Sears now says it'll earn between $0.80 and $0.82 a share for the quarter just ended in September, putting it roughly even with last year. Analysts were looking for $0.86 a share. The company reaffirmed its guidance of $5.15 for the fiscal year, though some optimistic analysts had been hoping for $5.27.
This news from the retailer isn't particularly shocking. It posted a worse-than-expected August comps decline last month, on top of weak comps results from July. Further, given Wal-Mart's
The company's also flinching from some self-inflicted pain. It's remodeling and updating many stores, and that upheaval has hurt sales. The disruptions reached their zenith in the third quarter, and should be less of an issue in the future.
The challenge for Sears is to capitalize on its vital fourth quarter, which would keep it on track for a better year, overall, than last year. Store remodels should help, as should the integration of Land's End, which the company bought in June. Clothing and other soft goods have been a sore spot for quite awhile, but the Land's End buy should help significantly.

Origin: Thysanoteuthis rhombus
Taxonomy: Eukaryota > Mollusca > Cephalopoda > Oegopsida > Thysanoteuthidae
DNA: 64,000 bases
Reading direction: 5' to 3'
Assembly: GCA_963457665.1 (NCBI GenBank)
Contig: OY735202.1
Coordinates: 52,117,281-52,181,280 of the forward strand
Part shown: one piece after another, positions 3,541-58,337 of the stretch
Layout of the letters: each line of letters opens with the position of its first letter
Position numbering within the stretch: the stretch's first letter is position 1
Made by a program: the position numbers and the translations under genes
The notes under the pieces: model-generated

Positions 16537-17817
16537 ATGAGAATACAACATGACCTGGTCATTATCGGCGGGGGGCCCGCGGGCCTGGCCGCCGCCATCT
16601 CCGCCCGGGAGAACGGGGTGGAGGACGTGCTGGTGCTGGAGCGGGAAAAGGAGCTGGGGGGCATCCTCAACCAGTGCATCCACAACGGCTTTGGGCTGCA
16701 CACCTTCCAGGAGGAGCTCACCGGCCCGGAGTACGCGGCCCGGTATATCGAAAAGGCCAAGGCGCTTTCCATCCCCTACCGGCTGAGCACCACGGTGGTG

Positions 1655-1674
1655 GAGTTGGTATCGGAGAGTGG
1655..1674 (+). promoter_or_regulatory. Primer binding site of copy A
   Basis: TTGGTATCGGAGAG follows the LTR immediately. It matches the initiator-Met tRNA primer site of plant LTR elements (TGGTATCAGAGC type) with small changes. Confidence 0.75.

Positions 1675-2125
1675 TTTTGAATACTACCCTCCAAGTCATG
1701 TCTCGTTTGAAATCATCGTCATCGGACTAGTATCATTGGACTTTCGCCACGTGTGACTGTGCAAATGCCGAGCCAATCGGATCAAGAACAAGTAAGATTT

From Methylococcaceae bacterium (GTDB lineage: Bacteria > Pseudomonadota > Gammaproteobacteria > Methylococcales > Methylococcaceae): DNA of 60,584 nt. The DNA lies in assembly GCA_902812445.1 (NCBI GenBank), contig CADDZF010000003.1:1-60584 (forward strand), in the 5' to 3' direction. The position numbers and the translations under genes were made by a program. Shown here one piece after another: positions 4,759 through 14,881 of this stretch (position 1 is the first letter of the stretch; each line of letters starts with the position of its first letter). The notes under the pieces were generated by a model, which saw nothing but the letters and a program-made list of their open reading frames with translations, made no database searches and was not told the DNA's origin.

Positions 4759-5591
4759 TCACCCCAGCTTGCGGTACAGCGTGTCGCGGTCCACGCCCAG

It's still uncertain whether the environment, at large, will cooperate with Sears. Many industry watchers don't foresee a hardy holiday shopping season. The West Coast ports lockout could affect the retailer's fourth quarter, should it continue, and a war with Iraq could keep already nervous shoppers away from stores.
Rising consumer debt levels and increasing late payments could also hurt Sears, since it gets about 60% of its operating profits from its consumer credit division. It has already seen its receivables and allowances for doubtful accounts rise about 10% in the third quarter.
Sears is in the same boat as most other retailers right now, with the tide so low they can see the sand eroding beneath them. For shareholders, that means even more patience, as they drift along for the ride.